2. Thank you so very much for this column. There was a store near us that, every year around Thanksgiving, would bring in artisans from the Williamsburg compound. The large kettle and the candle dippers would be in the front window for a week. They gave them away for free. With rare exceptions they were the only ones on the table during the holidays. I think, if I were to look, I’d find a few pair in the drawer with the table linens.

    1. And thank you for reminding me of the candle dippers! I hadn’t thought of them for ages, and can’t remember what the origin of our local bayberry candles was, but do remember seeing candle dippers somewhere at work. The huge kettle alone was worth watching.
      Hope you do still have some of the candles left, they have a wonderful scent.

    1. Oh the fakes are painful to contemplate. I suspect my current bayberry candle of being a fake, but now that I know how to make the real ones, think I might take a crack at making some, particularly if we make it to the Cape this summer…

  3. I had a wonderful bayberry candle once, that I got as a child at Longfellow’s Wayside Inn.

    Many years later, I grew bayberries at my home in New Jersey, hoping to be able to harvest enough wax to make even a very small candle. But the birds ate all of them long before they were even close to ripe. Just this past fall, I happened to be in the Cleveland Botanic Gardens, where they had the most amazing bayberry bushes–totally covered in berries–surrounding the herb garden, and I wondered how they managed to keep them from being gobbled up.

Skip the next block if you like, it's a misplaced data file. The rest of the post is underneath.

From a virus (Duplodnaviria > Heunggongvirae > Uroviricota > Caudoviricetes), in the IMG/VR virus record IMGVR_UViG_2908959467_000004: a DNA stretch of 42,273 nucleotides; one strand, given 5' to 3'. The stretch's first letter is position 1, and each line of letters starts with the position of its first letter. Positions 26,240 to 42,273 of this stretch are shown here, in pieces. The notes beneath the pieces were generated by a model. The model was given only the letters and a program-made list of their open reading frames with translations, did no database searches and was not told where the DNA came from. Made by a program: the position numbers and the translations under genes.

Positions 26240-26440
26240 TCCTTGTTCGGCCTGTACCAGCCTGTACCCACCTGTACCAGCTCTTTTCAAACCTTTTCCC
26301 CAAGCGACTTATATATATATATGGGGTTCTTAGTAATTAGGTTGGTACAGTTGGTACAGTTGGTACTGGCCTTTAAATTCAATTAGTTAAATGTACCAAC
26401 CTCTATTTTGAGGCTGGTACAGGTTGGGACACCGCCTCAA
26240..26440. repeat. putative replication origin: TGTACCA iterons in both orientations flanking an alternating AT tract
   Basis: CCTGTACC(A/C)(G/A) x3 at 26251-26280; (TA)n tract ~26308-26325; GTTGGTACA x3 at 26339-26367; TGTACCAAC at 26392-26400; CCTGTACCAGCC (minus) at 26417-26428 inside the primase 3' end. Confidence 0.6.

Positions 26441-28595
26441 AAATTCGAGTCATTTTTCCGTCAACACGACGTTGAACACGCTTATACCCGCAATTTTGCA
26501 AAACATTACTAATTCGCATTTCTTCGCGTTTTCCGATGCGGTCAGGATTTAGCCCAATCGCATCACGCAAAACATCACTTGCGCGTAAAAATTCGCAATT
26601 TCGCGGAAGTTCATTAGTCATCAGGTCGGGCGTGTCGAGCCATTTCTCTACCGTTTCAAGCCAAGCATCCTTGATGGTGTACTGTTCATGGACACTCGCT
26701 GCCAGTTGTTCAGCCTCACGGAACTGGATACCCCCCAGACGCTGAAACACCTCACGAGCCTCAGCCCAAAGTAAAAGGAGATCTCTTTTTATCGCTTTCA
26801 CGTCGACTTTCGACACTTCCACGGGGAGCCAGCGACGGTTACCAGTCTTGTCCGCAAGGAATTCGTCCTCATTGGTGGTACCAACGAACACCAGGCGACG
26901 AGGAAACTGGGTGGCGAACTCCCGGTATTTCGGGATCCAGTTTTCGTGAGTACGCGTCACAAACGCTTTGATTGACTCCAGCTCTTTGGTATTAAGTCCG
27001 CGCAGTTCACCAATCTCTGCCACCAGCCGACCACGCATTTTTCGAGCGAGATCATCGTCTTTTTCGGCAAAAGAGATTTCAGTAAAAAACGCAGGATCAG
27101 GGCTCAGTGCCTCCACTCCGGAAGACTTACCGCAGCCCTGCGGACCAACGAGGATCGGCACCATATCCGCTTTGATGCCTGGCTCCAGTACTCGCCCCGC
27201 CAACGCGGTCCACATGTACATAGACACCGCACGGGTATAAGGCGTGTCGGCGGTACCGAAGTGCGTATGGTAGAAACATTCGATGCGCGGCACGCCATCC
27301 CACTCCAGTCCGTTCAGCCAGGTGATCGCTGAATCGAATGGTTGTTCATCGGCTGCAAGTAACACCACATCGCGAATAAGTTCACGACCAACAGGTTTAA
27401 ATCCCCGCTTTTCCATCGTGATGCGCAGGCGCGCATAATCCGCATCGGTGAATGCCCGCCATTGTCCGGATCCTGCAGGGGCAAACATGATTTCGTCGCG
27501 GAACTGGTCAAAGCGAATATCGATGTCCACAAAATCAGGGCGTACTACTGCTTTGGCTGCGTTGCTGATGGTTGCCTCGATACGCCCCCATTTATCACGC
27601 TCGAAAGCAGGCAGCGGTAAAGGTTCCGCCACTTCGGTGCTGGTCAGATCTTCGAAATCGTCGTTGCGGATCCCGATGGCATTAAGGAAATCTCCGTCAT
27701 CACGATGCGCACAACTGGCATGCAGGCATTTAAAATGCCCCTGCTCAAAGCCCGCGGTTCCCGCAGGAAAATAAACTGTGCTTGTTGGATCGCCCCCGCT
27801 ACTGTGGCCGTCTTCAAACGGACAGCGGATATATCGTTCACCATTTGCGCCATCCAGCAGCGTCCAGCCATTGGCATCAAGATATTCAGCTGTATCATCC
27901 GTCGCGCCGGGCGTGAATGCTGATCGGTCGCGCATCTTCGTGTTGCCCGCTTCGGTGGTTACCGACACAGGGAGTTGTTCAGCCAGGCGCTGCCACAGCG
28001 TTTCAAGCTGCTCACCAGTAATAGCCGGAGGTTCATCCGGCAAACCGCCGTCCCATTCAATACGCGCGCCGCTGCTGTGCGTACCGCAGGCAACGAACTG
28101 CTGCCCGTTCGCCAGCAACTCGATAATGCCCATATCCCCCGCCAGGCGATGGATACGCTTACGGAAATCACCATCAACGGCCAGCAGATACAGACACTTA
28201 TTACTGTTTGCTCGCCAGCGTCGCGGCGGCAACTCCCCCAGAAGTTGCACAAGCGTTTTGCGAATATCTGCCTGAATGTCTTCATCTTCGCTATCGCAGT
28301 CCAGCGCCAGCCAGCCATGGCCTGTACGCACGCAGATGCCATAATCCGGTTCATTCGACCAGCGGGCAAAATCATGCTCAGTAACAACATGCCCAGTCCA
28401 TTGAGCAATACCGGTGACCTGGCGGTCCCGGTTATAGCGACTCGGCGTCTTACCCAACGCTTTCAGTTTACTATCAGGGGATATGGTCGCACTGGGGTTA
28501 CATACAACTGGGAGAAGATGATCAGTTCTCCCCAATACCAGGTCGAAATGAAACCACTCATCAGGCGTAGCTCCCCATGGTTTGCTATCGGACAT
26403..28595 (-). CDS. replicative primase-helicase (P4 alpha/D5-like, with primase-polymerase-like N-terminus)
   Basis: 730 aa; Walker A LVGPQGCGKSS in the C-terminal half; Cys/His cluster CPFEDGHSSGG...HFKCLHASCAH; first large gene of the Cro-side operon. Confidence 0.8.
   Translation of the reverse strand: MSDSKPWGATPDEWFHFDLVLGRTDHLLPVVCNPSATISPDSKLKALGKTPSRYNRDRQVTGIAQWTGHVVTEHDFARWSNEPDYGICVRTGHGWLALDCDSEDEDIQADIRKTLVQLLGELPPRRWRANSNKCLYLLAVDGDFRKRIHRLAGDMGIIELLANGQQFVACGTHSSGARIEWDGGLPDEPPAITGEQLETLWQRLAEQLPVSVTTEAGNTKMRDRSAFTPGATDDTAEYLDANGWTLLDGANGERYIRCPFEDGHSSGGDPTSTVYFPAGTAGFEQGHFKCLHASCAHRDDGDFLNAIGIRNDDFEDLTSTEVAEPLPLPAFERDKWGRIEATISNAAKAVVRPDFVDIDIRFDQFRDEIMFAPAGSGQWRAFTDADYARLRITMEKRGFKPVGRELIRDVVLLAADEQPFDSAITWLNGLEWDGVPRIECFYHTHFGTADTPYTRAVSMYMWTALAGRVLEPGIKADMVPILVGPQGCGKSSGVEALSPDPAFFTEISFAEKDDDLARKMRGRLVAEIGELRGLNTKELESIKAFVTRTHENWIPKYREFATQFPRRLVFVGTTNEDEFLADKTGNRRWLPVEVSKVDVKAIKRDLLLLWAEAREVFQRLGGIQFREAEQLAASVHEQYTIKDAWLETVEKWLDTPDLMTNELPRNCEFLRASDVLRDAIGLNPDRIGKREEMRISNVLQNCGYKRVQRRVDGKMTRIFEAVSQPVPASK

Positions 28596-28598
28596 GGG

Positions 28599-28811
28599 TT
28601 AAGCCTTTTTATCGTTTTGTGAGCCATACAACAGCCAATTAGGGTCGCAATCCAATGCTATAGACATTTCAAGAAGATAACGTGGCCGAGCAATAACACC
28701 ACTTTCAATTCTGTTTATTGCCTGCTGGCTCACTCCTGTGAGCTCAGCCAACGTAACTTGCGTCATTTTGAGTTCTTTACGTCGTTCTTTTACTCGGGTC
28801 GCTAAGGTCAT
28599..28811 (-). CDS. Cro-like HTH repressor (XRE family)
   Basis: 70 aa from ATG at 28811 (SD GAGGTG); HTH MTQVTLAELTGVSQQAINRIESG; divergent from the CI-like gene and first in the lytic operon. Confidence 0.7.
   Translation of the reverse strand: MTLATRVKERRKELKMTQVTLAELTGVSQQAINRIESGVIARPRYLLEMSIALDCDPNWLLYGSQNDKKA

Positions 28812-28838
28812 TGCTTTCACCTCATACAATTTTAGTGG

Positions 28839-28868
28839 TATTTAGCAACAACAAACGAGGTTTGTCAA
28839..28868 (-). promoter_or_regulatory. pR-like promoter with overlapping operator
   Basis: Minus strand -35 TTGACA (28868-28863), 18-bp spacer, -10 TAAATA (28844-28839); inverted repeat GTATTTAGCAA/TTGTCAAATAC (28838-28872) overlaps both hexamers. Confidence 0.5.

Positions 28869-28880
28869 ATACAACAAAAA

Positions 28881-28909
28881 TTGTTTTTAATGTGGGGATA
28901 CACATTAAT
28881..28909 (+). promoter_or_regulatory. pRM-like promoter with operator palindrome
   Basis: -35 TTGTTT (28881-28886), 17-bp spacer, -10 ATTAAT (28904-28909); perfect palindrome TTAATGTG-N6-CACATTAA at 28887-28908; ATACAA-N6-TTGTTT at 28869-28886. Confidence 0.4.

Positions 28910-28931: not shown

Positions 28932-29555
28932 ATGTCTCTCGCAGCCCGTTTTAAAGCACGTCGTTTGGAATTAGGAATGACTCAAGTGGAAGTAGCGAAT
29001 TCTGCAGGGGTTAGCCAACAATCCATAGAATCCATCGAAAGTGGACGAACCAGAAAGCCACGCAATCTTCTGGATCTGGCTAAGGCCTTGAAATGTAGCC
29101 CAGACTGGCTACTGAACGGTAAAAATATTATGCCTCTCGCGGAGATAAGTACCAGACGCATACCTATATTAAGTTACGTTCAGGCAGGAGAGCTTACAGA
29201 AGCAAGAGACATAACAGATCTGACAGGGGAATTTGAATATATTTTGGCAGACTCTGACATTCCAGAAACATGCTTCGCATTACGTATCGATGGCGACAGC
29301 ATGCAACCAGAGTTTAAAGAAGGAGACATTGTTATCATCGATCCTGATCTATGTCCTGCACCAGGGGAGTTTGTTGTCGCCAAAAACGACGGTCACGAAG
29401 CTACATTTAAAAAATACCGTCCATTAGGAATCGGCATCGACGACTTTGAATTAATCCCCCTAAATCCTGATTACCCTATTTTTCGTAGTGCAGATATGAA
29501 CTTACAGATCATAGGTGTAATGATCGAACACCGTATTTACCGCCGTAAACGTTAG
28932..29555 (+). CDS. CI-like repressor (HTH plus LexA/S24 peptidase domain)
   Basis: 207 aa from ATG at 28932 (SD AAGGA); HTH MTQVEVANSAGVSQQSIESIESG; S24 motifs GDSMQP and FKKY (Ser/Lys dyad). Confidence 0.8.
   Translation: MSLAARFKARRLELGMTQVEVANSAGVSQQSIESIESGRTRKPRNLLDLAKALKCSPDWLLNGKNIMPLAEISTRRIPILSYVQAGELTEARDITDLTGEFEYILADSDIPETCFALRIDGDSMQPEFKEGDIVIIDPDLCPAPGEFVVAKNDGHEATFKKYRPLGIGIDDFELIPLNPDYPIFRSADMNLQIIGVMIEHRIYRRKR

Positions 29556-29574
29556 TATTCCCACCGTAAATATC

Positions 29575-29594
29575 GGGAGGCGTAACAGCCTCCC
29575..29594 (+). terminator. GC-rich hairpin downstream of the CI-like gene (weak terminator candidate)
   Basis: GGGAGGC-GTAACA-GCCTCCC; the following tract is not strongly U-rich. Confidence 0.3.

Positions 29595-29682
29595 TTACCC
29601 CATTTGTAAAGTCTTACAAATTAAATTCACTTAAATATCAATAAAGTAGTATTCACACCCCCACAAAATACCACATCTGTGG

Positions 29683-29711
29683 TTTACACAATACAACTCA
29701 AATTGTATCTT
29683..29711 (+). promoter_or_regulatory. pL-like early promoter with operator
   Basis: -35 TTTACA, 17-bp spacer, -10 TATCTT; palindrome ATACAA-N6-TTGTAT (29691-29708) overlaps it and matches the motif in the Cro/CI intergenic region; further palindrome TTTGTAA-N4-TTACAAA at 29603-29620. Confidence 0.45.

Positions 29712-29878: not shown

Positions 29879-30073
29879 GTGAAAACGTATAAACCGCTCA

1. Your story of the rapacious birds reminds me of every time I tried to hybridize a rose. Some critter would come along and eat the carefully bagged hip.
      I never saw the birds making great inroads on the Cape Cod berries, which makes me wonder if the little dears didn’t bother with the bayberries because there was so much else on the local bird smorgasbord? Maybe that’s the case in the Cleveland Botanical Garden.

  4. Wow! Fascinating post. I knew bayberry was supposed to be a holiday scent, but never knew why. I don’t think I’ve ever smelled a real bayberry candle, only the modern synthetic ones. You make me want to sniff out the real deal. Thanks for entertaining and educating me all at once. Well done 😀
    Have a wonderful Thanksgiving.

    1. Glad you were entertained!

      You know, I wonder if the holiday association was sort of accidental, because you couldn’t cook down those berries before September, resulting in candles ready about November and December, but who cares, the smell is so warm and spicy. Do try tracking some down if you can, just for the fun of it. They give a TG table a nice touch of old Americana!

  5. And if you don’t have them in Virginia where do you get them these days?

    Colonial Williamsburg, probably for an arm and a leg. I love the idea of making candles out of berries but then, as I may have remarked before, one of my great ambitions in life is to be “Granny” from the Beverly Hillbillies, always cooking up something or other in the back yard. I guess my Scots side is showing here.